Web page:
by Scott Korb
In the wake of the Fort Hood mass shooting by Army Medical Corps officer Nadil Malik Hasan, Forbes published an essay under the headline “Going Muslim,” written by Tunku Varadarajan, who today often writes for The Daily Beast. At the time, Varadarajan was working at NYU, where I teach writing courses, often about religion. The coinage he explained this way:
“This phrase would describe the turn of events where a seemingly integrated Muslim-American—a friendly donut vendor in New York, say, or an officer in the U.S. Army at Fort Hood—discards his apparent integration into American society and elects to vindicate his religion in an act of messianic violence against his fellow Americans.”
That semester, a Muslim-American student in my course, Ebadur Rahman, had been writing thoughtfully about a seminary he’d attended after high school; the pilot program that was the precursor to the school, Zaytuna College, the subject of my new book. He’d talked about the inspiring teachers he’d studied with—Imam Zaid Shakir, in particular, a convert who’s been favorably compared with Malcolm X, Shakir’s own hero. The long and short of it is that when Ebad brought me the Forbes article and suggested we discuss it in class, I didn’t feel properly equipped to deal with it.
In Varadarajan, I had a fellow teacher who seemed to be suggesting that my student, if he were properly to act out his religion, could only do so through violence. And yet, in Ebad and the community he had been part of, I saw nothing of the sort. At Zaytuna, he told me, they were practicing and studying traditional Islam in ways that made it relevant to the American context. Indeed, he made Islam seem essential to America. The community seemed rich and supportive. But it was totally unknown outside the Muslim community.
I had to see what he was talking about—I needed to see where Ebad had come from. The book was my own effort to equip myself to talk about and engage with the nation’s fastest-growing religion, to offer a snapshot of one of its most influential institutions, and to tell the stories of the students and scholars who have taken up the challenge of this experiment in American education.
What’s the most important take-home message for readers?
For the Muslims at the center of this book—and all those who identify with Zaytuna’s purpose—America is home.
Is there anything you had to leave out?
What are some of the biggest misconceptions about your topic?
Where to begin with misconceptions about Islam? Light without Fire was built on the misperception that Islam is essentially violent. In the title is my answer: The students and scholars of Zaytuna believe in the light of knowledge and unequivocally condemn the fire that comes with violence.
Did you have a specific audience in mind when writing?
I come from a small town in the Midwest, where “Moslem” is still the preferred pronunciation. The people from my hometown were one specific audience. They represent a lot of America. I wrote for the students I teach, who are looking for ways to tell new and interesting stories about religion in this country. And I wrote for the people I wrote about; they invited me into their community and I wanted to do them justice—in all their complexity, for better or for worse. We may not always agree, but I hope we’ll always be fair to one another.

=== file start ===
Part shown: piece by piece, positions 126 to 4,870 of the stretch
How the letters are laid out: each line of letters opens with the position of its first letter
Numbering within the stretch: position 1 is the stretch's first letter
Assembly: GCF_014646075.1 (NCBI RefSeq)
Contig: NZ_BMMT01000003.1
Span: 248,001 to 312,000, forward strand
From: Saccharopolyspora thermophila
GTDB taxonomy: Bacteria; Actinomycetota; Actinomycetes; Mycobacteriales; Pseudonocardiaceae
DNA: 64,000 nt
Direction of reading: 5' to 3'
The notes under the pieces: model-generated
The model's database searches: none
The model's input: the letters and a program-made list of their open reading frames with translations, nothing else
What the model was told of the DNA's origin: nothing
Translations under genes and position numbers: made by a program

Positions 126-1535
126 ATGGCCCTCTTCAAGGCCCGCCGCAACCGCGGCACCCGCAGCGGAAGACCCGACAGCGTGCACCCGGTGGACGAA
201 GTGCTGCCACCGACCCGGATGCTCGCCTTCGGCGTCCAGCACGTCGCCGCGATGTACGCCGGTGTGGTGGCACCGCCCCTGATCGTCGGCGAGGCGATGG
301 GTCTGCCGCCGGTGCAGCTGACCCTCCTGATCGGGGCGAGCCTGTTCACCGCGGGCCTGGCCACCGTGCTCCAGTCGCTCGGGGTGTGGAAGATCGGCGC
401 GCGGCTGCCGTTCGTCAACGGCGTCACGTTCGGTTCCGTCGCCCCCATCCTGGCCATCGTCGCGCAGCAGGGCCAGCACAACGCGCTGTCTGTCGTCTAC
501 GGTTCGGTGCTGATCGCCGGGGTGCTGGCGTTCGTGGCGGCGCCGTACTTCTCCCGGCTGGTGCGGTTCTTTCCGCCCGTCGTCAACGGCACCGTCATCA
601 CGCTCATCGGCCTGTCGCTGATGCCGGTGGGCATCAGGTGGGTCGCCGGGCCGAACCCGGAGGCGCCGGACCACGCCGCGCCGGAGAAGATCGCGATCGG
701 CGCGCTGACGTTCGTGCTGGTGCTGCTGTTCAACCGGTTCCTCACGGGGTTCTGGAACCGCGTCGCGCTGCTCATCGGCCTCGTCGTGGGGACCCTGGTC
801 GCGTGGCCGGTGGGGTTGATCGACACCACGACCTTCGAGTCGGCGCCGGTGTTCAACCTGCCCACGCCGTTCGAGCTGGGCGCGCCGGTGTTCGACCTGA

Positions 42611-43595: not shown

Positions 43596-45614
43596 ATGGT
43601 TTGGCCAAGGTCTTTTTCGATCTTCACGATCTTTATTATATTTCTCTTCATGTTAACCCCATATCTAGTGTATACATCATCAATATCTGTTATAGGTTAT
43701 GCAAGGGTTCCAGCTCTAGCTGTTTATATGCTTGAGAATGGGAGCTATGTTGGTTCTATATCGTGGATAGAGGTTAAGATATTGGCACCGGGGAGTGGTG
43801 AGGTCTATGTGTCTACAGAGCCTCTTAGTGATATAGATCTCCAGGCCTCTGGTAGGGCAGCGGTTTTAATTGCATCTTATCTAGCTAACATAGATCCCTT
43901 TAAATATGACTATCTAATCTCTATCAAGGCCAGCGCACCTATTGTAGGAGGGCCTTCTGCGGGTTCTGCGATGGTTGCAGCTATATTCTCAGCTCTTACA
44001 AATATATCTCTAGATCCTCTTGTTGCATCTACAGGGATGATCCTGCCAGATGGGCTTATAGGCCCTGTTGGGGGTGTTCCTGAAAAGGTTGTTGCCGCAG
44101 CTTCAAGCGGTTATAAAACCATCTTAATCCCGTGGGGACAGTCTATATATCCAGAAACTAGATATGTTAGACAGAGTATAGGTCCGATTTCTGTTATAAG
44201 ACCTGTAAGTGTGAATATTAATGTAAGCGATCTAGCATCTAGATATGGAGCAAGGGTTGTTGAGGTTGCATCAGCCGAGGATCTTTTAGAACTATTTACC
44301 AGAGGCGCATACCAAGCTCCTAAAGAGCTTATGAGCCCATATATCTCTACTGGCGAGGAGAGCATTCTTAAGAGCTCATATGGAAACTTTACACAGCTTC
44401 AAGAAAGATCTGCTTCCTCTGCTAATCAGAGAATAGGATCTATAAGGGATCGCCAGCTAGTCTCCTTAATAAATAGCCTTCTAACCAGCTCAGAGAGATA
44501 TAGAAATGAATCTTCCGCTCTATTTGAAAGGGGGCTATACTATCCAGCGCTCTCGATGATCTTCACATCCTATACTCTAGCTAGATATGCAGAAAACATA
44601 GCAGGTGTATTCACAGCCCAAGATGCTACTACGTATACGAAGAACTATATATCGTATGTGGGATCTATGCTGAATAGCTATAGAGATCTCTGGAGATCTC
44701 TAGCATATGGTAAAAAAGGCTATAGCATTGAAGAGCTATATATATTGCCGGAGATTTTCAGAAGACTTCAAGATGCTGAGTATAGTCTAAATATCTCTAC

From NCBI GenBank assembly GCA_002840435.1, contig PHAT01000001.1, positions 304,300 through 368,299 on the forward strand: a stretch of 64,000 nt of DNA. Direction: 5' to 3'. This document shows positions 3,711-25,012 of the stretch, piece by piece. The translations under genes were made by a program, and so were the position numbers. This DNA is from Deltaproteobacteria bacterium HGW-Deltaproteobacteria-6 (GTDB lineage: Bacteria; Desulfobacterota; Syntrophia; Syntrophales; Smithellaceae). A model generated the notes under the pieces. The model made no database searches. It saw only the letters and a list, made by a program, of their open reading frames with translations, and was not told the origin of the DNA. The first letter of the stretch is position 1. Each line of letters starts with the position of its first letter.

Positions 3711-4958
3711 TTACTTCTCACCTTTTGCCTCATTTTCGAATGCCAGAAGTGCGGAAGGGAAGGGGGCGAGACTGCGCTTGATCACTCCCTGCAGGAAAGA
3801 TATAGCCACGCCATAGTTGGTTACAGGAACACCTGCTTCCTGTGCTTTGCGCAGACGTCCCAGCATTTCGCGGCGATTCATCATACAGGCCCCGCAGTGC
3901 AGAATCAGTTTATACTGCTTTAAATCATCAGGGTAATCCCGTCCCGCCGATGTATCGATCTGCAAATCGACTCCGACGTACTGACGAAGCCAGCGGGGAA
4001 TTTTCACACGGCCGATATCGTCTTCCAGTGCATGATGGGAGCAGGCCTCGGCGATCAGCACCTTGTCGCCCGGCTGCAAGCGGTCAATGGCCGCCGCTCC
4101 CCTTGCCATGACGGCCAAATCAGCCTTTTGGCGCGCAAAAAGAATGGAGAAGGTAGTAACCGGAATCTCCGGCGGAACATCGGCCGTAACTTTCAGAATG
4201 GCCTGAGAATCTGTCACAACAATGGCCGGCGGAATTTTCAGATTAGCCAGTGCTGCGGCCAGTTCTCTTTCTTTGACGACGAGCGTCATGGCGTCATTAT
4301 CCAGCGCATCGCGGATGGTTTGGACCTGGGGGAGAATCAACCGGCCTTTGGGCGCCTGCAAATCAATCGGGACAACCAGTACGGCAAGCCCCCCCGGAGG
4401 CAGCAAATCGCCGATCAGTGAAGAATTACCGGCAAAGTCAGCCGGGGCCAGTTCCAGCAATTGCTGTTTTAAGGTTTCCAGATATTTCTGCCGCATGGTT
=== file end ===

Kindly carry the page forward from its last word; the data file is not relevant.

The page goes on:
Are you hoping to just inform readers? Give them pleasure? Piss them off?
I hope it’s some of all that. I know the book has information that will be new to lots of readers; whether it’s from my interviews with Sheikh Hamza Yusuf, who is much beloved in the community, or from conversations about Christianity with a group of Muslim women who wanted me to take them to Easter Mass.
I hope the book makes for pleasurable reading—good sentences married to good ideas. And pissing people off isn’t hard when you’re writing about Islam—from any and all sides—so even where I’ve tried to be thoughtful, there’s lots in the book that’s sure to piss off lots of people. Maybe it’ll annoy Varadarajan as much as “Going Muslim” annoyed me.
What alternative title would you give the book?
I’d originally called the book “America, Meet Islam,” which wasn’t as good as the one we’ve got now. I’ll keep Light without Fire. It comes from a passage in the Koran, and refers to the translation of the Arabic word Zaytunah, or olive, which is also the name of the school at the center of the book.
God is the light of the heavens and the earth. The likeness of His light is of as a niche with a lamp inside; the lamp is in a glass; the glass is as a shining star, like from a blessed olive tree, neither of the East nor of the West, its oil nearly luminous even without light touching it. (Koran 24:35)
How do you feel about the cover?
I think it’s elegant. We borrowed the college emblem and used it as the background for the title.
Is there a book out there you wish you had written? Which one? Why?
I admire Marilynne Robinson’s Gilead so much. No one that I know of writes a sentence better than she does. One line in particular is a favorite, and having written that sentence alone would account for my wanting to have written the book that contains it:
These people who can see right through you never quite do you justice, because they never give you credit for the effort you’re making to be better than you actually are, which is difficult and well meant and deserving of some little notice.
What’s your next book?
It’s something I began years ago. Not to be mysterious, but that’s all I can say for now.